Remember the piggy bank you had as a kid? You saved for months -- maybe even years -- for that special treat. Your body is no different. Many small, frequent investments in your health can pay big dividends far into the future.

Here are five small choices you can make every day that can provide a big payoff:

1. Eat a wholesome breakfast.
If you think you’re saving calories by skipping breakfast, think again. Breakfast is the key to getting your metabolism revved for the day. It’s also the perfect opportunity to get closer to the 25g of dietary fiber you should aim for daily, including the heart-healthy soluble type fiber found in oats and psyllium. Try topping your bowl of cereal with your favorite fruit for even more fiber -- and flavor -- to start your day.  [1,7,8,9]

2. Explore healthy oils.

Monounsaturated and polyunsaturated fats can lower your cholesterol, but olive oil is just the beginning. Whether you’re cooking or making salad dressing, various plants offer delicious and distinctly different oils, such as almond, grapeseed, sunflower, hazelnut, flaxseed and hemp. [2] Some oils, like almond and sunflower, can sustain high temperatures for cooking, while others, like flaxseed oil, should be enjoyed at room temperature.[2] But don’t ruin a good thing. Even healthy fats should be enjoyed in moderation. [2]

3. Take more small trips.
As you strive for 30 minutes a day of moderate activity, consider breaking up long sessions of sitting -- every hour, if possible. Instead of sending another email to a colleague, take a walk to his or her desk. Maybe stop in the kitchen for a glass of water along the way. Taking short walks throughout the day not only protects your heart, it can also help relieve tension, depression and anger. [3]

4. Laugh.

Go ahead! Call your funniest friend, click on that cat video or pick up the funny papers. When it comes to dealing with life’s everyday stressors, it doesn’t matter what makes you laugh -- just find a way to do it every day. Besides, if you hear a good joke, you can pass it on and make someone else smile. [4]

5. Eat by color.

Try adding brightly colored vegetables to your meals throughout the week. Most vegetables have some fiber, but they don’t all have the same vitamins and minerals. The antioxidants that make eggplants purple or create the dark green found in kale offer different health benefits, such as improving memory function or supporting a healthy immune system. By enjoying vegetables from across the color spectrum, you can ensure you’re getting all the vitamins and minerals nature has to offer. [5,10]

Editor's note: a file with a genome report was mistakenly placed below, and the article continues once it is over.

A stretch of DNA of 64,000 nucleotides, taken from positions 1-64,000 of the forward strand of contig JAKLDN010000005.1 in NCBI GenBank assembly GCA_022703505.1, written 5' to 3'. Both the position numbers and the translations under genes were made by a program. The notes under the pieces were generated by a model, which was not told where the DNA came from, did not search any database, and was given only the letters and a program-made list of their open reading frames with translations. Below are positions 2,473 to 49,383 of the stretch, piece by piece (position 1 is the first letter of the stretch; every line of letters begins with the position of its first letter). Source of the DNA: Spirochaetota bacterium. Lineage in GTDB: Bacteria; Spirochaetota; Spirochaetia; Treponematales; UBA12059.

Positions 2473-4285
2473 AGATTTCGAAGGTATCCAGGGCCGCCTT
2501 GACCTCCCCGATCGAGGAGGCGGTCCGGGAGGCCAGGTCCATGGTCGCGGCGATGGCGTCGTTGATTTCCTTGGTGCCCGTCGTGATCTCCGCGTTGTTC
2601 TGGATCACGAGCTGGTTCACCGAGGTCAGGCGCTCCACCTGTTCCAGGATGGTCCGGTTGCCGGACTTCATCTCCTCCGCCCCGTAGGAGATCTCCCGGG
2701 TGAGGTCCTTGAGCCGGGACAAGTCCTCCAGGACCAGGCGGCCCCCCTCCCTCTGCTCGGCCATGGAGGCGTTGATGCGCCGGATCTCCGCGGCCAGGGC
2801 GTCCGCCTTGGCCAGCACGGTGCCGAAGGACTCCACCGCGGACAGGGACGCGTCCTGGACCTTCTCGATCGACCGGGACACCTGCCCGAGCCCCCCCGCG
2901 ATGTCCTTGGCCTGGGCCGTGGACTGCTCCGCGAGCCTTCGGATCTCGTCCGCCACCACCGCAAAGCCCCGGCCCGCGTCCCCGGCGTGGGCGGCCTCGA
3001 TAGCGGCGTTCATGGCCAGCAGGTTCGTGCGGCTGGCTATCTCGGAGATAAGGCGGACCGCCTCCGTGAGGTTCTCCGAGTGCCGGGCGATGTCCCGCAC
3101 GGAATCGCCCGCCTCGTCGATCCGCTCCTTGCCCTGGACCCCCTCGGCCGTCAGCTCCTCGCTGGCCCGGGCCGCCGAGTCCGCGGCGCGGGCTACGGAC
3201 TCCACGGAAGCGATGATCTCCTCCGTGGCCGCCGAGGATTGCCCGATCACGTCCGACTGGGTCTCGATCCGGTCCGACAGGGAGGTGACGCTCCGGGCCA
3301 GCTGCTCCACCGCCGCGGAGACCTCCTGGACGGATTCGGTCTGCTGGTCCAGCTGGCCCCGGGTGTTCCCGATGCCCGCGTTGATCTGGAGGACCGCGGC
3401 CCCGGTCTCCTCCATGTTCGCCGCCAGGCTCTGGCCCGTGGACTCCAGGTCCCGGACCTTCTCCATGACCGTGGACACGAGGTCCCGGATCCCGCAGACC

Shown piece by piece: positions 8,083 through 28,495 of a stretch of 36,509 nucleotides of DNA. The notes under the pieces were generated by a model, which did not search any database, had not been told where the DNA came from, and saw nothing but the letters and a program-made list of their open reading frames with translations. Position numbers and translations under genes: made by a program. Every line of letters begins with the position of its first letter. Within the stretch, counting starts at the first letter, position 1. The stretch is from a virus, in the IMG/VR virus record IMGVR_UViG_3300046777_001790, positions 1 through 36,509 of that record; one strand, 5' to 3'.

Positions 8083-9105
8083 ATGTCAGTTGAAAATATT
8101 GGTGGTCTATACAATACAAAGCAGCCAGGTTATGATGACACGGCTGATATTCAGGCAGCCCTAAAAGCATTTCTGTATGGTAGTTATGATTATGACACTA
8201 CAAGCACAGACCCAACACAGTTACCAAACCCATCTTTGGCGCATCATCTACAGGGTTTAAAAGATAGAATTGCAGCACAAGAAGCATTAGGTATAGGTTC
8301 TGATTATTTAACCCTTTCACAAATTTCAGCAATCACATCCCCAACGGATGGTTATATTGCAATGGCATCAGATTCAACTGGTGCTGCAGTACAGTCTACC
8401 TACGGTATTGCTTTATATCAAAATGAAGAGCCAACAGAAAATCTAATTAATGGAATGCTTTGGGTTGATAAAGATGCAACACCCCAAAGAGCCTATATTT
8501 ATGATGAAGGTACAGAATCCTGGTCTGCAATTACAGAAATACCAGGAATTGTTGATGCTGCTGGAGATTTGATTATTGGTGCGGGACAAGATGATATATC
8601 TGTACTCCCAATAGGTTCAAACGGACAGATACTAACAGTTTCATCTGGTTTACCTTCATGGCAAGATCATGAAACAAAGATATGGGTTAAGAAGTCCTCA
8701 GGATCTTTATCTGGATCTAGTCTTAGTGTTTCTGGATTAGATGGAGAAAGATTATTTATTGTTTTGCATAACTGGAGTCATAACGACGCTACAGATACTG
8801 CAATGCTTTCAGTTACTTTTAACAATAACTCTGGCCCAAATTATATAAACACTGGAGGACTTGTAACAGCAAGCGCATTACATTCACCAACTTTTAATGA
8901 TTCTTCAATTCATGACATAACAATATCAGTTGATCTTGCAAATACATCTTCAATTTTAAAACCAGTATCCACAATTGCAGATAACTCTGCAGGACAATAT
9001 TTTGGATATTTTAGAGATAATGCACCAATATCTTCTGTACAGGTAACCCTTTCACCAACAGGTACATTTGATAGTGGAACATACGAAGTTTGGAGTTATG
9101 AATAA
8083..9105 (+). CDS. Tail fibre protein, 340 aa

1. Cleveland Clinic: Heart Healthy Breakfast

Accessed 7/2/2013

2. Cleveland Clinic: Heart Healthy Cooking: Oils 101

Accessed 7/2/2013

3. American Heart Association: Physical Activity Improves Quality of Life

Accessed 7/2/2013

4. American Heart Association: Fight Stress with Healthy Habits

Accessed 7/2/2013

5. Johnson EJVishwanathan RJohnson MAHausman DBDavey AScott TMGreen RCMiller LSGearing MWoodard JNelson PTChung HYSchalch W,Wittwer JPoon LW.

Relationship between Serum and Brain Carotenoids, α-Tocopherol, and Retinol Concentrations and Cognitive Performance in the Oldest Old from the Georgia Centenarian Study.

J Aging Res. 2013;2013:951786. doi: 10.1155/2013/951786. Epub 2013 Jun 9.

6. Dietary Fiber:

Acessed 8/6/2013

7.Christine L. Williams, MD, MPH  Patricia Felt-Gunderson, MS, RD, LD

Analysis of Average Daily Fiber Intake Among Ready-to-Eat Cereal Consumers: Role of Whole-Grain Cereals in Closing the Fiber Gap


8.The Future of Grain Foods Recommendations

in Dietary Guidance

Amy R. Mobley, Joanne L. Slavin, and Betsy A. Hornick

J Nutr. 2013 Jul 17

9. Perdue University: Psyllium

Accessed 8/6/2013

10. Brambilla DMancuso CScuderi MRBosco PCantarella GLempereur LDi Benedetto GPezzino SBernardini R

The role of antioxidant supplement in immune system, neoplastic, and neurodegenerative disorders: a point of view for an assessment of the risk/benefit profile.

Nutr J. 2008 Sep 30;7:29. doi: 10.1186/1475-2891-7-29.

Simple Ways to Reduce Saturated Fat

Saturated fat is often portrayed as one of the bad guys in the world of fats, and with good reason. Diets that are high in saturated fats, also known as solid fats, raise total blood cholesterol levels and low-density lipoprotein (LDL) cholesterol levels, which can increase your risk of heart disease. [1,2]

Where are these fats found? Saturated fat can be found in butter, palm oils, high-fat cheeses and meats, and whole-fat milk and creams. [1,2]

You don’t have to avoid foods with saturated fat altogether. Instead, eat them less often, or find lower-fat versions of foods that naturally contain saturated fats. Your daily saturated fat intake should be less than 7% of your total calories per day, and your trans fat intake should be less than 1%, according to the American Heart Association. For most people, that means consuming 15g or less of saturated fat each day. [2]